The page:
Mears picket line, 13.11.17, photo by Becci Heagney

Mears picket line, 13.11.17, photo by Becci Heagney   (Click to enlarge: opens in new window)

Manchester strike wave continues with 49 walkout days by housing workers

Hugh Caffrey, North West Socialist Party

Mears housing maintenance workers began (on 13 November) a programme of 49 days of strike action, joining numerous other groups of workers fighting back in Greater Manchester.

Bus drivers at Arriva and Firstbus, train guards also employed by Arriva on the Northern franchise, Manchester airport cleaners and cabin crew, university staff and employees of IT companies Capita and Fujitsu.

Mostly in the private sector, nonetheless many of these disputes have as their root the privatisation and austerity carried out by successive governments – and councils, especially the Blairite Manchester city council.

Labour-run Manchester city council is behind the ‘Rail North’ project pushing driver-only operation on the trains and the outsourcing of social housing. It’s a major shareholder in Manchester Airport, and it’s overseeing a patchwork of privatised buses.

Residents are suffering £30 million of cuts as the council carries out austerity for its Tory friends, and stashes away another £27 million in reserves.

Meanwhile, Greater Manchester’s mayor, Andy Burnham, visited the Capita picket line – but not the pickets by housing or bus workers, policy areas for which he is actually responsible.

Mears strikers, July 2017, photo Becci Heagney

Mears strikers, July 2017, photo Becci Heagney   (Click to enlarge: opens in new window)

Clearly, Corbyn’s new politics hasn’t reached the Blairite establishment that’s firmly in charge of local government in Manchester.

Housing and transport workers, and others, can tap into massive public support: solidarity that is multiplied by wanting to resist companies which make working class people’s lives a misery!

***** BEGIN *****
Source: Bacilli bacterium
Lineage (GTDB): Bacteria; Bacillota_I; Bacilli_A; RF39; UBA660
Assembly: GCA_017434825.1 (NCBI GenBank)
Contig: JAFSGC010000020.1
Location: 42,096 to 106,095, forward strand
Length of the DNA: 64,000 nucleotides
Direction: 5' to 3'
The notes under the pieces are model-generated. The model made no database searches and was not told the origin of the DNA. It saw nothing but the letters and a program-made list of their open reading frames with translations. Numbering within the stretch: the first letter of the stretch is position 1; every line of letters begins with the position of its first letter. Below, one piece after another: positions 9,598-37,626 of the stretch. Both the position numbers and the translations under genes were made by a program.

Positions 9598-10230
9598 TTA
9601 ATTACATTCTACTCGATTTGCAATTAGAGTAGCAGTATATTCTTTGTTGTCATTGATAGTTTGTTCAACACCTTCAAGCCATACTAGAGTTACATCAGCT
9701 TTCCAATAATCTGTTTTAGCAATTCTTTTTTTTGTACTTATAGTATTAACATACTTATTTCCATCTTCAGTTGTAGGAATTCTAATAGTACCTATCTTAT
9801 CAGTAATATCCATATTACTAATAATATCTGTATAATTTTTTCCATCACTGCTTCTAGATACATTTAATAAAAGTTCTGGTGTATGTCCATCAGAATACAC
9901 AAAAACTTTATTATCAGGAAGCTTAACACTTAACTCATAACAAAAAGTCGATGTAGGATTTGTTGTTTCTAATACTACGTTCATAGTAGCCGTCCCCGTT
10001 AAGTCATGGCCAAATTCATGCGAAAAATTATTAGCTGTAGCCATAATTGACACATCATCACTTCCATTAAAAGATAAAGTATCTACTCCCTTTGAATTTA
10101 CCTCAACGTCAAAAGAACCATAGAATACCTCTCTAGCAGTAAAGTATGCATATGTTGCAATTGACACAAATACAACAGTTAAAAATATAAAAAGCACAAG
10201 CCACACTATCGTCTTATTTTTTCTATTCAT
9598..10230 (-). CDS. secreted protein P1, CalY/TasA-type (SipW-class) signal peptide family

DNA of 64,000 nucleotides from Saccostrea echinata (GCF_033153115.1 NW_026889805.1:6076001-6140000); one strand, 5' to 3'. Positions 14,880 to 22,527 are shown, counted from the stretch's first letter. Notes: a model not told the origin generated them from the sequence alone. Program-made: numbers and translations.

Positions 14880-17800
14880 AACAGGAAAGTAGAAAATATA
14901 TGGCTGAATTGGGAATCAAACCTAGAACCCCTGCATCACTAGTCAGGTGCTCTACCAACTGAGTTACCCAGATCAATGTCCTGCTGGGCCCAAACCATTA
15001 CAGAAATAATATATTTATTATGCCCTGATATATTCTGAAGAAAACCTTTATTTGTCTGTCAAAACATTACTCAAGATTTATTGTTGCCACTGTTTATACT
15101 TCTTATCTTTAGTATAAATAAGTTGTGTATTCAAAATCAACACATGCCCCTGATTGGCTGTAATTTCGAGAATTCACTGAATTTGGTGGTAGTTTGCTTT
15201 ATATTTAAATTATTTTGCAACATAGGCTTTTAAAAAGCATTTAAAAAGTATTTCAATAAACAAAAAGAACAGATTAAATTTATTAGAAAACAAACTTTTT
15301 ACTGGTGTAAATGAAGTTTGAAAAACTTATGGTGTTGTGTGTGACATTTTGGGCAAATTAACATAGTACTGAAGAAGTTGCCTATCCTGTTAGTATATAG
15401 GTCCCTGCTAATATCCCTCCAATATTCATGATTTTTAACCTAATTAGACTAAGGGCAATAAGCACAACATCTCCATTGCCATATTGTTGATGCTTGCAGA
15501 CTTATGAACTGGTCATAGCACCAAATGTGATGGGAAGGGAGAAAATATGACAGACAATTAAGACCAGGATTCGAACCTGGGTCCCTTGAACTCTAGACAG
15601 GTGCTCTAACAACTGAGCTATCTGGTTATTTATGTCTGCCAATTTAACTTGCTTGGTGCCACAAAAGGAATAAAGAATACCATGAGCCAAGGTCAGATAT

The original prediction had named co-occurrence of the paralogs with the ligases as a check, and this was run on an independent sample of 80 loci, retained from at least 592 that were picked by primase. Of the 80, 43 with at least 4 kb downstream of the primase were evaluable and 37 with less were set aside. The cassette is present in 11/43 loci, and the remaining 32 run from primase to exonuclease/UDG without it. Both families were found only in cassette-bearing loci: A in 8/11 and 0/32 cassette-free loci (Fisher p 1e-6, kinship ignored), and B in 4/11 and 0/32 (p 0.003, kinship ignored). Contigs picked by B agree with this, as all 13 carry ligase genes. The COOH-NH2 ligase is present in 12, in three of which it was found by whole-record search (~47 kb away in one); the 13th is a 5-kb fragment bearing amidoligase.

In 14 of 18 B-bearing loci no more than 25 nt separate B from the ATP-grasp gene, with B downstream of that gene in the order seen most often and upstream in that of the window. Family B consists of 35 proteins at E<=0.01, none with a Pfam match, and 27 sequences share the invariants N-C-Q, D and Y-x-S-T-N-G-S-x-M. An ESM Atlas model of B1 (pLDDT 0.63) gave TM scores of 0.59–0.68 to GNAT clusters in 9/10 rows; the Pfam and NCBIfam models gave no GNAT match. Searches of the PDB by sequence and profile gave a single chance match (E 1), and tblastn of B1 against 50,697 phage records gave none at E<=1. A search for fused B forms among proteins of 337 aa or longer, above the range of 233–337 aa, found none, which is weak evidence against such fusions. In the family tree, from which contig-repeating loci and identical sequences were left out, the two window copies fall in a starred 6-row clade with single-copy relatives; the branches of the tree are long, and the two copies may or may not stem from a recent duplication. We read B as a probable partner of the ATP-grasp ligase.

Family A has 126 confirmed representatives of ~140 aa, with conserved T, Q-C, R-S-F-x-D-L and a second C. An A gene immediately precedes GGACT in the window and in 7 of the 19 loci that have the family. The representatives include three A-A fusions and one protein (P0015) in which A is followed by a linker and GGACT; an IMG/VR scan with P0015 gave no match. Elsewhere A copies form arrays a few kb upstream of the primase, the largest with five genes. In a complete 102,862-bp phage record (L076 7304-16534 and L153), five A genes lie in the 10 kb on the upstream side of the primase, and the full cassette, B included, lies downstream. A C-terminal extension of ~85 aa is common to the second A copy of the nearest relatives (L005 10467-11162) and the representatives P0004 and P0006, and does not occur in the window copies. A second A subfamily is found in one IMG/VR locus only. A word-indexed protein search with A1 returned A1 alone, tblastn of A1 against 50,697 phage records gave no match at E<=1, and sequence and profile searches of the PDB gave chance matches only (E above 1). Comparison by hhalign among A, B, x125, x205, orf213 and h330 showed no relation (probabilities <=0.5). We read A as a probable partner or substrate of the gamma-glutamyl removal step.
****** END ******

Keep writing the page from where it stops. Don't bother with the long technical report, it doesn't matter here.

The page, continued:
• Mears strikers can mobilise tenants and the wider community in a major demonstration aimed at the leadership of Manchester city council, demanding fair pay and the return of social housing ‘in-house’ with investment and accountability to meet tenants’ needs.
  • Bus workers can coordinate their strikes and build a mass public demonstration demanding higher pay, lower fares and a return of the buses to local public ownership.
  • Rail workers could join that and demand an end to Rail North, to keep the guards, and the immediate renationalisation of the railways with no compensation to fat-cats.
  • The wider trade union movement can mobilise big support.

With determined strike action and mass struggle, major victories can be won for the working class. These are the kind of ideas that the Socialist Party in Manchester is discussing with all the strikers. Unity in action is strength, and socialist policies point the way forward.

Send messages of support to Unite rep Colin Pitt: [email protected] and Unite regional officer [email protected]; and post donations to: Unite House, Merchants Quay, Salford Quays, Salford M50 3SG

This version of this article was first posted on the Socialist Party website on 13 November 2017 and may vary slightly from the version subsequently printed in The Socialist.